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MUD ROCKET LAUNCH: NASA's SMAP satellite, designed to measure moisture in the soils of Earth, will blast off from California's Vandenberg AFB on Thursday morning, Jan. 29th. The three-minute launch window begins at 6:20 am PST. Observers from coastal Los Angeles to the Bay Area may be able to see exhaust from the Delta II rocket criss-crossing the dawn sky in the minutes after launch. Observers closer to Vandenberg could see the rocket itself. Californians, set your alarm for dawn.
ASTEROID FLYBY: On Monday, Jan. 26th, mountain-sized asteroid 2004 BL86 flew past Earth--and it was not alone. NASA radar images revealed, to the surprise of astronomers, that the space rock has its own moon. A must-see video from JPL shows the asteroid and its satellite. Another must-see movie was recorded by amateur astronomer Nick James. Click to watch the asteroid streak over his backyard in of Chelmsford, UK:
"This asteroid was moving at around 2.5 arcmin/min last night," says James. In other words, about 18,000 mph. The streaking space rock was invisible to the naked eye, but sunlight reflected from its rocky surface made it an easy target for small telescopes. More backyard photos may be found here.
At a distance of 745,000 miles, or 3.1 times the distance from Earth to the Moon, Monday's flyby was the closest approach the asteroid will make to Earth for at least the next two centuries. It is also the closest a known asteroid this size will come to Earth until asteroid 1999 AN10 flies past our planet in 2027.
Space Weather Photo Gallery
AURORA SURPRISE PROMPTS ROCKET LAUNCH: A geomagnetic storm erupted during the early hours of Jan. 26th, sparking a surprise display of bright auroras around the Arctic Circle. Scientists took the opportunity to launch four sounding rockets from Alaska's Poker Flat Research Range to study the effect of solar storms on the upper atmosphere. Photographer Jamie Adkins created this composite shot of the rocket salvo:
Richard Collins, a principal investigator from the Geophysical Institute at the University of Alaska, Fairbanks, explains the purpose of the launches: "Recent solar storms have resulted in major changes to the composition of the upper atmosphere above 49 miles (80 kilometers), where enhancements in nitrogen compounds have been found. These compounds can be transported into the middle atmosphere where they can contribute to ozone destruction."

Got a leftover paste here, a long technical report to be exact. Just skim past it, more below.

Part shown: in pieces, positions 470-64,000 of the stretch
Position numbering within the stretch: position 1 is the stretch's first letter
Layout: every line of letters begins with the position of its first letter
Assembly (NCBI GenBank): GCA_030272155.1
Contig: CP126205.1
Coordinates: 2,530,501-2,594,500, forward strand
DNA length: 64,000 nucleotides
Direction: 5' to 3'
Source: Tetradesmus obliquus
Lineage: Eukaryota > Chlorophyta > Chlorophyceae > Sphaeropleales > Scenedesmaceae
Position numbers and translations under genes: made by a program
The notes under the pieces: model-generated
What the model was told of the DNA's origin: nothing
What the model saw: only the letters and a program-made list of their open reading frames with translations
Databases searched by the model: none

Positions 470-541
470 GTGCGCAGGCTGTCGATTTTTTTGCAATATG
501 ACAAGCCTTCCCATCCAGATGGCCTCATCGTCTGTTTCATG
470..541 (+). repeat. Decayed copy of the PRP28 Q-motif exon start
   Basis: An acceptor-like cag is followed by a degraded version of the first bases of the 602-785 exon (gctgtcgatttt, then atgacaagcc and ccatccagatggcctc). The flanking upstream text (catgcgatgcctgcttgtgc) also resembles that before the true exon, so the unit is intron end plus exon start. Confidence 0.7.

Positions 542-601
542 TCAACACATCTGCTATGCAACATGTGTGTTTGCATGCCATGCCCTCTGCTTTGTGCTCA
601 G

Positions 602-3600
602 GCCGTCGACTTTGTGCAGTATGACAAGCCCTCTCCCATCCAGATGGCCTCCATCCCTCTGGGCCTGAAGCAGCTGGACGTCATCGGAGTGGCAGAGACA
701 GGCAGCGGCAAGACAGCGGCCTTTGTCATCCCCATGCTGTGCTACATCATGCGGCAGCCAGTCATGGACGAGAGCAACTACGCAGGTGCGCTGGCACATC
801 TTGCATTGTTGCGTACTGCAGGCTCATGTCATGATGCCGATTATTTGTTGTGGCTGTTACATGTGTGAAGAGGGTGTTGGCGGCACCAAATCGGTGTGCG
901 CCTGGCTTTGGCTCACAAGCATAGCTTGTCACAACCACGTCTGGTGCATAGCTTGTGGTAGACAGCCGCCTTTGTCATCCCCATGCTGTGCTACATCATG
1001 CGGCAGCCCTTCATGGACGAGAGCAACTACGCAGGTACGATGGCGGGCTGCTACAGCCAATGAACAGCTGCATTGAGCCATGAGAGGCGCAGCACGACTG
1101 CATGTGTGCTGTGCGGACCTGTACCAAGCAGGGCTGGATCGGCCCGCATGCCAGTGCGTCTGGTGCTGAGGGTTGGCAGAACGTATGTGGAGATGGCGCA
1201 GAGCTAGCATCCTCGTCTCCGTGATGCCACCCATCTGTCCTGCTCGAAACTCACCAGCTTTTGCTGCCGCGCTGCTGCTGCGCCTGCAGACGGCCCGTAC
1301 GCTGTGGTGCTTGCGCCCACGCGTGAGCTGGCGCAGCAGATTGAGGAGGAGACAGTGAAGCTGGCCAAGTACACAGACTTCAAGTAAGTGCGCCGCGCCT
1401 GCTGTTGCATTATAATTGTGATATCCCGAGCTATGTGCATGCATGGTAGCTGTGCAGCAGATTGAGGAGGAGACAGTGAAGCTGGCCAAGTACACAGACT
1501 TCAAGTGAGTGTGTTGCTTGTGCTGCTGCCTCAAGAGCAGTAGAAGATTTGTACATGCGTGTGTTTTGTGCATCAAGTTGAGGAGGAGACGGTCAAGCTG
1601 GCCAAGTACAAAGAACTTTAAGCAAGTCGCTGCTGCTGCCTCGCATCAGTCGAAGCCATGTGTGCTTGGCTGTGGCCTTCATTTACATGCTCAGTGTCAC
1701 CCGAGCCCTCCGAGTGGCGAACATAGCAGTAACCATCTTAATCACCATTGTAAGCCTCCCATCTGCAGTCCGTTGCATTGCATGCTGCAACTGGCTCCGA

But do these ozone-destroying compounds actually make it down to the ozone layer? "Meteorological conditions do not always allow such transport to occur," he says. Instruments on the rockets were designed to investigate those conditions--specifically, how turbulence and diffusion might cause compounds to mix downward in the atmosphere.
Two of the rockets released trails of trimethyl aluminum (TMA) vapor, creating whitish clouds that were photographed from several ground stations. Miguel Larsen, a principal investigator from Clemson University in South Carolina says "this will help us trace turbulence in the atmosphere/space transition region, and thus, the way atmospheric properties are mixed vertically."
Browse Spaceweather.com's photo gallery for more pictures of the colorful experiment. Aurora alerts: text, voice
Aurora Photo Gallery
Comet Photo Gallery
Every night, a network
all-sky cameras scans the skies above the United
States for meteoritic fireballs. Automated software
maintained by NASA's Meteoroid Environment Office
calculates their orbits, velocity, penetration depth
in Earth's atmosphere and many other characteristics.
Daily results are presented here on Spaceweather.com.
On Jan. 28, 2015, the network reported 9 fireballs.
In this diagram of the inner solar system, all of the fireball orbits intersect at a single point--Earth. The orbits are color-coded by velocity, from slow (red) to fast (blue). [Larger image] [movies]
Potentially Hazardous Asteroids (PHAs
are space rocks larger than approximately 100m that
can come closer to Earth than 0.05 AU. None of the
known PHAs is on a collision course with our planet,
although astronomers are finding new
all the time.
January 28, 2015 there were 1541
potentially hazardous asteroids.
Notes: LD means
"Lunar Distance." 1 LD = 384,401 km, the distance
between Earth and the Moon. 1 LD also equals 0.00256
AU. MAG is the visual magnitude of the asteroid on
the date of closest approach.
official U.S. government space weather bureau
first place to look for information about sundogs,
pillars, rainbows and related phenomena.
call it a "Hubble for the sun." SDO
is the most advanced solar observatory ever.
views of the sun from NASA's Solar and Terrestrial
and archival images of the Sun from SOHO.
the NOAA Space Environment Center
underlying science of space weather